kubernetes on a 5-node Raspberry Pi 2 cluster

This post documents my experiences with trying to run kubernetes on a five-node Raspberry Pip 2 cluster.

I started by setting up each of the five Raspberry Pis with Hypriot v1.1.1.

I have internal DNS & DHCP services on my Lab network so I used hardware addresses to ensure each node has a DNS entry and always gets the same IP, as follows:

node01.rpi.yo61.net 192.168.1.141
node02.rpi.yo61.net 192.168.1.142
node03.rpi.yo61.net 192.168.1.143
node04.rpi.yo61.net 192.168.1.144
node05.rpi.yo61.net 192.168.1.145

On each node, I ensured all packages were up-to-date:

apt-get update && apt-get -y upgrade

I used the kubeadm guide for the following steps.

Add a new repo and install various kubernetes commands on all nodes:

curl -s https://packages.cloud.google.com/apt/doc/apt-key.gpg | apt-key add -
cat <<EOF > /etc/apt/sources.list.d/kubernetes.list
deb http://apt.kubernetes.io/ kubernetes-xenial main
EOF

apt-get update
apt-get install -y kubelet kubeadm kubectl kubernetes-cni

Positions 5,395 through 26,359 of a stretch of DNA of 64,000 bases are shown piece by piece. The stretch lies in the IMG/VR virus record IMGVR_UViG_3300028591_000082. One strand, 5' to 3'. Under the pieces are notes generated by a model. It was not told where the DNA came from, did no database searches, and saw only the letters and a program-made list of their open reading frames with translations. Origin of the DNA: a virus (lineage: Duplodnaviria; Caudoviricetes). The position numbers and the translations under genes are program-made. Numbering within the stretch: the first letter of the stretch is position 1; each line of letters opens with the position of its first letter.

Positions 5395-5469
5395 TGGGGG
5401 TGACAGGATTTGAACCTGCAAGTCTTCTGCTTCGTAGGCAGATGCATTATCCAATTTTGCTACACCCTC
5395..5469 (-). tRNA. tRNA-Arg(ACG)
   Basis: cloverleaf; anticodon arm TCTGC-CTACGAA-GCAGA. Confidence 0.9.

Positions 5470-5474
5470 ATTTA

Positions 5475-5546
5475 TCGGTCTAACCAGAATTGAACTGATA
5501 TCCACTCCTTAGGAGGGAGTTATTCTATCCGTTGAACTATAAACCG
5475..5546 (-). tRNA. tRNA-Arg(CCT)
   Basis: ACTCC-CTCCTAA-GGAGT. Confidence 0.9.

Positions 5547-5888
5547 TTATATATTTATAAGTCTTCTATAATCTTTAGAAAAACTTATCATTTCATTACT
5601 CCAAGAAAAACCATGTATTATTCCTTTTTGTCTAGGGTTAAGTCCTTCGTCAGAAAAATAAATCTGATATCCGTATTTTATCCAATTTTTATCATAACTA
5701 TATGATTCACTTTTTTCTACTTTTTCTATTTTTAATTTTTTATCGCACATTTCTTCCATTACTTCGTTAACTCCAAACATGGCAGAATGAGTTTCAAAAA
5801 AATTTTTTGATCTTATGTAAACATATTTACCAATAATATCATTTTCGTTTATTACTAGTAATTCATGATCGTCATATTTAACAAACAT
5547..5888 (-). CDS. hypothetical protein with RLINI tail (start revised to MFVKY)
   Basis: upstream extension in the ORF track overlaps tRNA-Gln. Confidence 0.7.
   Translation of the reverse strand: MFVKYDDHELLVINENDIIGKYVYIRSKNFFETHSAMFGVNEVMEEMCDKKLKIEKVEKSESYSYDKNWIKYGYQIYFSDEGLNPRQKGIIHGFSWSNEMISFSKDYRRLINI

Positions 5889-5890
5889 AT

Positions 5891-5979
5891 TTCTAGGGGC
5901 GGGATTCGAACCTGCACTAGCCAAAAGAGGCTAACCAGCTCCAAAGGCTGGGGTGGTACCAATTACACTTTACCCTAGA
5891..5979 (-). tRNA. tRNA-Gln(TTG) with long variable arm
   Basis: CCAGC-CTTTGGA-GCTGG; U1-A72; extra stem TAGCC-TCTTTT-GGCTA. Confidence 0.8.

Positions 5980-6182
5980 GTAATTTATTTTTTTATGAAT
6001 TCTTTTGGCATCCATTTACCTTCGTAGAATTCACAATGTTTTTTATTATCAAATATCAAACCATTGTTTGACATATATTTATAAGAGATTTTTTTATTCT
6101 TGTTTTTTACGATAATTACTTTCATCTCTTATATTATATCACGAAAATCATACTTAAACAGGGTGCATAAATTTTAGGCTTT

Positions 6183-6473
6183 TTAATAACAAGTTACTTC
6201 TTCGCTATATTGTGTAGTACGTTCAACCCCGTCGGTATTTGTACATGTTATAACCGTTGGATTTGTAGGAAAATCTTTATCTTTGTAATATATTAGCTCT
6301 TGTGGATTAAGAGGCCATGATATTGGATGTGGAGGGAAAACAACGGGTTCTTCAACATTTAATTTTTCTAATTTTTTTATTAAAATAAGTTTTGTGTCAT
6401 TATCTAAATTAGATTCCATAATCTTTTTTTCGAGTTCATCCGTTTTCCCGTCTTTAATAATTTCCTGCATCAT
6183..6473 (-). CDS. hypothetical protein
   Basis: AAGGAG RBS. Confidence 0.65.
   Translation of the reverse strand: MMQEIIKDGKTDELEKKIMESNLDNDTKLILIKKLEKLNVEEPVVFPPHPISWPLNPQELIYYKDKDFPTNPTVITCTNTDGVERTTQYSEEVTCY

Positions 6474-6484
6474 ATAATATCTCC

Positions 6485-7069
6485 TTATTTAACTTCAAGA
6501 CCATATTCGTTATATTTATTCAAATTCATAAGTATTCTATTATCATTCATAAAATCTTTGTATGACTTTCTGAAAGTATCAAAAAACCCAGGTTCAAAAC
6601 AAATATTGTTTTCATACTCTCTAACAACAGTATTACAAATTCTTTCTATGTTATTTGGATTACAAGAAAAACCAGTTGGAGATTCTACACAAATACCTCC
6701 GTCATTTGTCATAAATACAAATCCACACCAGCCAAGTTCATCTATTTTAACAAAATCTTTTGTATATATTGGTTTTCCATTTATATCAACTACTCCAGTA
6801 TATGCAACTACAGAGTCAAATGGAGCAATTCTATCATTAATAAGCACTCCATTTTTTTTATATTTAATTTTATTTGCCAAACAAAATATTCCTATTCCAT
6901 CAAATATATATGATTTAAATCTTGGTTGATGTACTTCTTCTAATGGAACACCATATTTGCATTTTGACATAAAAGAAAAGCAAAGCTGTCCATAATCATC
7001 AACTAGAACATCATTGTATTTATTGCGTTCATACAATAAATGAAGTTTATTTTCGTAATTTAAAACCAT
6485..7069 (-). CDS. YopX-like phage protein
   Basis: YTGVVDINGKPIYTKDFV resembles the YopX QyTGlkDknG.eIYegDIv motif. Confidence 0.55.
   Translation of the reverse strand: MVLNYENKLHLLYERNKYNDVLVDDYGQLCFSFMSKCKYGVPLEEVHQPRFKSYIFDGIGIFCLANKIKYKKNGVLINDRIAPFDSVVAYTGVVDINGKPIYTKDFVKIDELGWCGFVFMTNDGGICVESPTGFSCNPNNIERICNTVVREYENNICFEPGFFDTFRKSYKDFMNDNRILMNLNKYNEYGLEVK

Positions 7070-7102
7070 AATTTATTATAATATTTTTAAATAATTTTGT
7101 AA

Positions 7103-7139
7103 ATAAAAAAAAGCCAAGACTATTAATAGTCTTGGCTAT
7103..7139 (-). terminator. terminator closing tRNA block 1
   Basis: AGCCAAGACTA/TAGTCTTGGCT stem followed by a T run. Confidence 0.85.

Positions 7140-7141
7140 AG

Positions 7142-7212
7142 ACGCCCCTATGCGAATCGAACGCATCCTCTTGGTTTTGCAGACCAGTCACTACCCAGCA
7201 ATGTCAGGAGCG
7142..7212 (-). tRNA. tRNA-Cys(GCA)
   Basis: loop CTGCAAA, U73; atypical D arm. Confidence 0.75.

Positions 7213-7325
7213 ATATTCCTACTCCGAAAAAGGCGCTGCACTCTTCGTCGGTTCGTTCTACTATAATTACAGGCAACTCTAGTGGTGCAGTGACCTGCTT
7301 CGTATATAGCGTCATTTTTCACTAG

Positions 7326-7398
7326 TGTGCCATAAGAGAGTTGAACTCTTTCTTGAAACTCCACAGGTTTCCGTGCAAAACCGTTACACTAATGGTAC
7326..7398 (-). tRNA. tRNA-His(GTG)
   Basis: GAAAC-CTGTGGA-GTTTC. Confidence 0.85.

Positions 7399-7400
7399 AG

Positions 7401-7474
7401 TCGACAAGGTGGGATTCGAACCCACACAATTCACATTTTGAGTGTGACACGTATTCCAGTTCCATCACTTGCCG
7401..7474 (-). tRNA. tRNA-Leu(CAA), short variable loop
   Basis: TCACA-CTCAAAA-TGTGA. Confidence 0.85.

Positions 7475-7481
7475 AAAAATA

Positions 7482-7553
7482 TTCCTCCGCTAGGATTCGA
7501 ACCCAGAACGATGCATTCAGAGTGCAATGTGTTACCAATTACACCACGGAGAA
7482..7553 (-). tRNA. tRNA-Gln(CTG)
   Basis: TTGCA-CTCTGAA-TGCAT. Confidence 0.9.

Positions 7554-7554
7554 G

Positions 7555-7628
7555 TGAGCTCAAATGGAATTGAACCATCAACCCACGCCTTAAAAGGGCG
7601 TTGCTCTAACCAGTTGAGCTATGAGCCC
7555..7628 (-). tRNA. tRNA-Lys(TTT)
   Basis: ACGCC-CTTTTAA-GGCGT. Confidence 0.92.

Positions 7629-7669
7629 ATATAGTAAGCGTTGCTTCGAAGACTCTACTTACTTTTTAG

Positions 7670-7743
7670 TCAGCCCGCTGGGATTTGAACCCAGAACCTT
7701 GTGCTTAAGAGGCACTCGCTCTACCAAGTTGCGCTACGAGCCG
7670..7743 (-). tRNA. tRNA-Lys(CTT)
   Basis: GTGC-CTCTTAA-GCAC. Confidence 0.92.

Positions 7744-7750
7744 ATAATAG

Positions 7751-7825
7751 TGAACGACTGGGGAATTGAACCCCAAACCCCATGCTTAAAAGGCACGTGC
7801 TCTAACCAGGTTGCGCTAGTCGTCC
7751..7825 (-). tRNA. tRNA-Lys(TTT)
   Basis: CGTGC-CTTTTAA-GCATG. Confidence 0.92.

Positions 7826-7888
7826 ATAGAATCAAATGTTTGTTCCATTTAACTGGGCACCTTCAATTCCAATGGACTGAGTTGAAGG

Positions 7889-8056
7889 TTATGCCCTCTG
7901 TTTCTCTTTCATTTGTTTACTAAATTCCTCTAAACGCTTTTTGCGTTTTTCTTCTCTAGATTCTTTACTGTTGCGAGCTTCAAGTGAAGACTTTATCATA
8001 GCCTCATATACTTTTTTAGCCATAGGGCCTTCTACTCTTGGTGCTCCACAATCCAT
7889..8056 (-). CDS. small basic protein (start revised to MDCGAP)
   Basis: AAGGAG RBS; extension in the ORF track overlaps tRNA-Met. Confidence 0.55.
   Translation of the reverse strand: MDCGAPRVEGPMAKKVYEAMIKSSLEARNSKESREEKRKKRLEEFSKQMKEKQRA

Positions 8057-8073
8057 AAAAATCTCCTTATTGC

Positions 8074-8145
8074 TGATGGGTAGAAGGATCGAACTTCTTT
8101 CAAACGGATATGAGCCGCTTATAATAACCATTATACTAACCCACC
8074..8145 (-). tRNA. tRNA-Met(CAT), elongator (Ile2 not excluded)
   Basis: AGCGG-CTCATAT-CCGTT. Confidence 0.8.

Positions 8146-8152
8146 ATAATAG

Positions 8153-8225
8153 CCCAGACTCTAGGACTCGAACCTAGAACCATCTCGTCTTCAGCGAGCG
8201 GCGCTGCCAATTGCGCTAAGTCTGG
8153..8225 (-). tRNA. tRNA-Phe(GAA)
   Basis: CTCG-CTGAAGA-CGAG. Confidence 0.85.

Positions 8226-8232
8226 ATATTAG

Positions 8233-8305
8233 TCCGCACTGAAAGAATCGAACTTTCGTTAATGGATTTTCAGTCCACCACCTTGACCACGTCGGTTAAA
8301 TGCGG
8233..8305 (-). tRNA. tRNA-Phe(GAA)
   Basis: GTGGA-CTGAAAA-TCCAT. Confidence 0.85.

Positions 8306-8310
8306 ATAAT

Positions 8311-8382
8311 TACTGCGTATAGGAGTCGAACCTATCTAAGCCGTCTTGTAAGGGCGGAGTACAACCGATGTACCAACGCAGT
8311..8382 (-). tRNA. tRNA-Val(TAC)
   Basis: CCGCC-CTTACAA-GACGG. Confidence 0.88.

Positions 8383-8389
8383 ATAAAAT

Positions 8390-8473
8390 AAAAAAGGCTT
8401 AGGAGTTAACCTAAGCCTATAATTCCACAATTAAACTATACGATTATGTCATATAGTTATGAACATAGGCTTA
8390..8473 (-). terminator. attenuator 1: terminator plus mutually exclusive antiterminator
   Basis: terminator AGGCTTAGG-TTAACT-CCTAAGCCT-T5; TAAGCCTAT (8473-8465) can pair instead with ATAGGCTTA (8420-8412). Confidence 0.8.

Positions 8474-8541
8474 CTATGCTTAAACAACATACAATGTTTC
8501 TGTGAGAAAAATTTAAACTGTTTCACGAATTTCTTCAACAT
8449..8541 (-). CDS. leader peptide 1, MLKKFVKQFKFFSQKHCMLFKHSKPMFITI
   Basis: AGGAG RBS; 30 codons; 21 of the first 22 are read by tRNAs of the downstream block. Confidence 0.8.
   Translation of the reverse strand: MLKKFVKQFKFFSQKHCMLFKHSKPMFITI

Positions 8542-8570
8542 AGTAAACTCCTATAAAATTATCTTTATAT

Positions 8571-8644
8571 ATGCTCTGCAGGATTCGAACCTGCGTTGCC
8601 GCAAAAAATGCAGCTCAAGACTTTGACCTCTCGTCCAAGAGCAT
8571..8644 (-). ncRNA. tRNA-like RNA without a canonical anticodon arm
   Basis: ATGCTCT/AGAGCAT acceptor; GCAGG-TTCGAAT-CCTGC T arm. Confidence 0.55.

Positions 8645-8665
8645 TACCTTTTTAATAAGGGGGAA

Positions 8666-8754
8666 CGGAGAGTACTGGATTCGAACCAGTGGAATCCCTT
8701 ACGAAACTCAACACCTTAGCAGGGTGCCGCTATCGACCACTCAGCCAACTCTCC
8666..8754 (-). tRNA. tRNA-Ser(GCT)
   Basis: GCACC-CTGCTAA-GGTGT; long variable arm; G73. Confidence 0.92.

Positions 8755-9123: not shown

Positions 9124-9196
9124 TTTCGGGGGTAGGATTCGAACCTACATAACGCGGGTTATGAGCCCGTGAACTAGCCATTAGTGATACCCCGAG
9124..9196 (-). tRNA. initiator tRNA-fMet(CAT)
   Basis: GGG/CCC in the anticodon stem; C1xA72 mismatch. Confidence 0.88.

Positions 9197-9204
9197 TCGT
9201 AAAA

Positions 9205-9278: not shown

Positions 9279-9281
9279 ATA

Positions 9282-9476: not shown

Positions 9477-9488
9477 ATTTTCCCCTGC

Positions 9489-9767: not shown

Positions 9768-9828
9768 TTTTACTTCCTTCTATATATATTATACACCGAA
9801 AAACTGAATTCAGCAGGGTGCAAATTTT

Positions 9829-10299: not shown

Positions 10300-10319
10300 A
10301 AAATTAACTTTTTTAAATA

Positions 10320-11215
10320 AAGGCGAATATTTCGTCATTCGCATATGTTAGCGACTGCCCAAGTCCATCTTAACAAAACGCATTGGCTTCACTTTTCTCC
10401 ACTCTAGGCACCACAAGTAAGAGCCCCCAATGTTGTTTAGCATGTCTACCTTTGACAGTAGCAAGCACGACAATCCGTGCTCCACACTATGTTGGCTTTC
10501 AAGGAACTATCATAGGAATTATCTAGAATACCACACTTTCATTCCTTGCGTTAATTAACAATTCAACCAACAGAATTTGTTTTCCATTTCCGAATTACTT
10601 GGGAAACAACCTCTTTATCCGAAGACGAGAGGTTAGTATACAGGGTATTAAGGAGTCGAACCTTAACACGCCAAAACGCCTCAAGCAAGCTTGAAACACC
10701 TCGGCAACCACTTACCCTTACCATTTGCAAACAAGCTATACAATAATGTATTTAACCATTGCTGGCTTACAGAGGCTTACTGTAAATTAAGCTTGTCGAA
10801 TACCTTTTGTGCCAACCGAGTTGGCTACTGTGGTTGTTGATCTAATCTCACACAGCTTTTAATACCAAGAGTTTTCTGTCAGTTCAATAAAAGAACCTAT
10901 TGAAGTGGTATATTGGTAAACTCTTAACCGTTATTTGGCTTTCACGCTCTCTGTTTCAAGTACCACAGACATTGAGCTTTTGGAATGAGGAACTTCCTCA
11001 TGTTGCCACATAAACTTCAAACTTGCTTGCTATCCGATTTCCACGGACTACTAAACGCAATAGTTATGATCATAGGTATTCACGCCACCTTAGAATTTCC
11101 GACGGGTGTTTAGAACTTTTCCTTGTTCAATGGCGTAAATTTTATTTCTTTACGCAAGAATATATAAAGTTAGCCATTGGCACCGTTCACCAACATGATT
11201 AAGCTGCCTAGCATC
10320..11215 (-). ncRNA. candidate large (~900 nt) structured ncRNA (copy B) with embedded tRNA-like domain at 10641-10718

I designated node01 as the master and ran the following commands on the master only:

Initialise the master:

kubeadm init --pod-network-cidr=10.244.0.0/16

Install flannel networking:

export ARCH=arm
curl -sSL "https://github.com/coreos/flannel/blob/master/Documentation/kube-flannel.yml?raw=true" | sed "s/amd64/${ARCH}/g" | kubectl create -f -

Check everything is running OK:

$ kubectl get pods --all-namespaces
NAMESPACE     NAME                                          READY     STATUS    RESTARTS   AGE
kube-system   dummy-2501624643-8gpcm                        1/1       Running   0          24m
kube-system   etcd-node01.rpi.yo61.net                      1/1       Running   0          23m
kube-system   kube-apiserver-node01.rpi.yo61.net            1/1       Running   0          23m
kube-system   kube-controller-manager-node01.rpi.yo61.net   1/1       Running   0          23m